In the past 24 hours, judges in two states in northern Mexico have released torture victims who have spent years in prison away from their families and young children, providing hope for justice in countless similar cases of people tortured and detained unfairly, Amnesty International said today.
Bus driver and father of four Adrián Vásquez was released in the early morning of 2 December from prison near Tijuana, more than three years after he was arrested and tortured by state police and accused of being a high-level drug trafficker.
Just hours later, Cristel Piña, a 25-year-old mother of two, was released from a prison in Ciudad Juárez, more than two years after being arrested and brutally beaten and tortured with sexual violence until she agreed to confess on videotape to extortion. Amnesty International campaigned for both of these survivors of torture.
“Like Cristel and Adrián, there are thousands of cases of people unfairly detained throughout the country and tortured into incriminating themselves. The release of these two victims shows us that it is time that Mexican authorities wake up to the reality experienced by so many other torture victims currently locked up throughout the country,” said Erika Guevara Rosas, Americas Director at Amnesty International.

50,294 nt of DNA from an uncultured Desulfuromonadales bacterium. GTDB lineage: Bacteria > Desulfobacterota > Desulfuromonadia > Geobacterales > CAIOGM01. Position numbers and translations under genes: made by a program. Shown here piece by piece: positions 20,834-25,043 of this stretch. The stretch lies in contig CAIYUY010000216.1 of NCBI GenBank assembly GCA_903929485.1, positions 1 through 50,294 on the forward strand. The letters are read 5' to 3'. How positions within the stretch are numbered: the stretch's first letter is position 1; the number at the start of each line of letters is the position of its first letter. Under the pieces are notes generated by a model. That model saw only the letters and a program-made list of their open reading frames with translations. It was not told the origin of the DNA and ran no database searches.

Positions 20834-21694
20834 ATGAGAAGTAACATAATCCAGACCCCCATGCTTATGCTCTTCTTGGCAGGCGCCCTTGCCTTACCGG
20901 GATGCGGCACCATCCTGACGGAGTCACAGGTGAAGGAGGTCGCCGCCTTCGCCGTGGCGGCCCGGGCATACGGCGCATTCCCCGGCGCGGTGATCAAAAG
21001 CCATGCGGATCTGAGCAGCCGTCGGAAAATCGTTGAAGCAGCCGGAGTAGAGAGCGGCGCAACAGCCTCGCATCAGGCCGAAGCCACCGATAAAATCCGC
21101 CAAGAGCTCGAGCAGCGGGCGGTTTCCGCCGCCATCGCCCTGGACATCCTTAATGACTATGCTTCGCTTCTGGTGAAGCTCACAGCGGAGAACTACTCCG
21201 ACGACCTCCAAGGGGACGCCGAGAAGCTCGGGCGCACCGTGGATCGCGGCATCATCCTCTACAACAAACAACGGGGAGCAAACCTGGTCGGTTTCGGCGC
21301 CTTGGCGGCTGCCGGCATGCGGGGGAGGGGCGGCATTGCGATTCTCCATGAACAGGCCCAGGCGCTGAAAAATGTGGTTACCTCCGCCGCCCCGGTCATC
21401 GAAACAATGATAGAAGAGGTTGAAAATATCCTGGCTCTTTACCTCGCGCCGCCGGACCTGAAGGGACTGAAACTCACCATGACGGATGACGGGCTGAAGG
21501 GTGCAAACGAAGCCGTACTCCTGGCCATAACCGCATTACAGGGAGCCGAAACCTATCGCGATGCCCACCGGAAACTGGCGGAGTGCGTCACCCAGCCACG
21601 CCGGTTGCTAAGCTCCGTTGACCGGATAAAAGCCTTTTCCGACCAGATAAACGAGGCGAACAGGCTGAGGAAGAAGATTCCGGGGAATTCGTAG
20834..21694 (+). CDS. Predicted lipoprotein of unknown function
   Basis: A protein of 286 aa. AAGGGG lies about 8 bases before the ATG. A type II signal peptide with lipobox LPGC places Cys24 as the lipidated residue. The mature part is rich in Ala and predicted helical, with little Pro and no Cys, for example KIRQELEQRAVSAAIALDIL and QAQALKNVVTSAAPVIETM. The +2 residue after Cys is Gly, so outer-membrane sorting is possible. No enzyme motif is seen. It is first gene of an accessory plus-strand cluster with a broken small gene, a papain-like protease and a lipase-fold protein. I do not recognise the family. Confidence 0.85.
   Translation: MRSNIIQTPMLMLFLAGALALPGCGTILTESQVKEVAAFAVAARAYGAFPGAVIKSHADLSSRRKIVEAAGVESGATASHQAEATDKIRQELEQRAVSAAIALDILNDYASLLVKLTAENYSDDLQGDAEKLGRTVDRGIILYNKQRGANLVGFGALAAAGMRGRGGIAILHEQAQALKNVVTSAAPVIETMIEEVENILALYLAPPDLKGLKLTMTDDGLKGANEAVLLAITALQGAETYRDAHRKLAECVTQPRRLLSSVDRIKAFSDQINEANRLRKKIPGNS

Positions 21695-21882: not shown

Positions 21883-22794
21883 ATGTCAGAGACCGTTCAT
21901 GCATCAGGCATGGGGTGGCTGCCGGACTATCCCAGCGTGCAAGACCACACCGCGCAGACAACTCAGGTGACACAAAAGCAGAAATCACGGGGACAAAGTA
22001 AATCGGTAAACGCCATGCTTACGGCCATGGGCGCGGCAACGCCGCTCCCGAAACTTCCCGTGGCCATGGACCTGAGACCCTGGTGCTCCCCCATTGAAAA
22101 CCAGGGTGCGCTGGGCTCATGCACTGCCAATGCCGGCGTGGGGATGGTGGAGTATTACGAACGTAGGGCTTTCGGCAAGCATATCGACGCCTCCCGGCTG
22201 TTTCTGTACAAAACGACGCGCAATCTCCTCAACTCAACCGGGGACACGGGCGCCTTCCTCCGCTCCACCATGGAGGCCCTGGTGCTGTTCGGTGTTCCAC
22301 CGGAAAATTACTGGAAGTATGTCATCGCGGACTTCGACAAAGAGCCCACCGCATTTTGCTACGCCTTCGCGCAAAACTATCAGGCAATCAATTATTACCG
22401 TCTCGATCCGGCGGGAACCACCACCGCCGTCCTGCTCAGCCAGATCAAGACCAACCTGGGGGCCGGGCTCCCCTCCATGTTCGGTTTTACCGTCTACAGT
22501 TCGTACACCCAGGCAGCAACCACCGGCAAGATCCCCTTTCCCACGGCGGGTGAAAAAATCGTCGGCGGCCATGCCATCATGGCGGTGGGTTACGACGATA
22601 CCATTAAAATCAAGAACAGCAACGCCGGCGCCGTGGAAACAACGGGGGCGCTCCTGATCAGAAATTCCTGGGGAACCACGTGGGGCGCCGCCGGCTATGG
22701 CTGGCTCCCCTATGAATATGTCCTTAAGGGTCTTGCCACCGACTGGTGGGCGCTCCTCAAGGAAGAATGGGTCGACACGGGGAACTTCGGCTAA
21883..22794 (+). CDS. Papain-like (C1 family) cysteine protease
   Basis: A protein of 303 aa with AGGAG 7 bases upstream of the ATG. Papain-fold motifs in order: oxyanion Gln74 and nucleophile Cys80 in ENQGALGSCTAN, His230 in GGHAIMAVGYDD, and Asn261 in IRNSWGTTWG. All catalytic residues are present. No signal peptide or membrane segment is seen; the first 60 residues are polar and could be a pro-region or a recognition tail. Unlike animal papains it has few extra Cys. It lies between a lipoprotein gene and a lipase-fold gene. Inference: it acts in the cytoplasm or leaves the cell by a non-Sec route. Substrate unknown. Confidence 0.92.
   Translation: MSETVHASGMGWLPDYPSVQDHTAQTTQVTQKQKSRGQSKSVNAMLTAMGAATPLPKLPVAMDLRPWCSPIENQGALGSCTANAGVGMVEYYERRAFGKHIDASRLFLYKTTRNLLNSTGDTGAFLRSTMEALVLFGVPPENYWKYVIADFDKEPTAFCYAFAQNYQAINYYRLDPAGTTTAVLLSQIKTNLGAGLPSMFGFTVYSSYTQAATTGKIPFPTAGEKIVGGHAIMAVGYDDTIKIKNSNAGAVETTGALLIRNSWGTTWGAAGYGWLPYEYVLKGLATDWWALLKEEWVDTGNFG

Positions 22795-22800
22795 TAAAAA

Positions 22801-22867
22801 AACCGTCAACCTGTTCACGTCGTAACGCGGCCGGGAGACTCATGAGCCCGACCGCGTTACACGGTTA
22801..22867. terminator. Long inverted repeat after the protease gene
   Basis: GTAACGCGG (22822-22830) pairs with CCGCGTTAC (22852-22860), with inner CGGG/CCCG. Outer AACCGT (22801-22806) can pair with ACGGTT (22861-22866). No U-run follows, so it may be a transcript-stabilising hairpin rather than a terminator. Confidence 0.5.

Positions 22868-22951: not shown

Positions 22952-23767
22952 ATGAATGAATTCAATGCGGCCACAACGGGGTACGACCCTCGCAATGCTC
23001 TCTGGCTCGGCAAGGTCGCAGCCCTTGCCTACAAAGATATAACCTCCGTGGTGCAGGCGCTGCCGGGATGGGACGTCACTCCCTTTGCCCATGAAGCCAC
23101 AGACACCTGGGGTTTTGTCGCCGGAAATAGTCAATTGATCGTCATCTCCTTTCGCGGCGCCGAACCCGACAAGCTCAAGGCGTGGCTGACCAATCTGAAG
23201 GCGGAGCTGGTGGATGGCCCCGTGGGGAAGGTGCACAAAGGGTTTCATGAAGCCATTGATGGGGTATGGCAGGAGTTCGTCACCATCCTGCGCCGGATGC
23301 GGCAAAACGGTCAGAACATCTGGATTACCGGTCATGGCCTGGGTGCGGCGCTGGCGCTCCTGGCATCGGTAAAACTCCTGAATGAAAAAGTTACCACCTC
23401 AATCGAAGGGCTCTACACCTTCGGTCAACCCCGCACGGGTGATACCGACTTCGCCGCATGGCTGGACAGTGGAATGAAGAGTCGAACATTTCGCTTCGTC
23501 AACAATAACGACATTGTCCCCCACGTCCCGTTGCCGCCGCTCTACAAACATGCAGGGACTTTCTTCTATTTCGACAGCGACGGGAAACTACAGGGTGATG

Amnesty International has been campaigning on a number of cases of torture survivors all throughout the country. During December, it has launched an international letter-writing marathon – “Write for Rights” – in support of a number of cases all around the world. Among them is Yecenia Armenta Graciano, who was raped, asphyxiated and hung from her feet upside down by Sinaloa state police in northern Mexico in 2012 until she confessed to murder.
“The fact that judges in different states of the country can strike down shaky accusations based on torture shows us that there is some hope for justice in other cases. Yecenia Armenta shares with Adrián and Cristel the same story of suffering and injustice, and we call for authorities to allow all three torture victims to be home with their relatives by Christmas,” said Erika Guevara Rosas.
In May 2014 Amnesty International launched “Stop Torture”, a global campaign against torture and ill-treatment. Mexico is one of its countries of focus.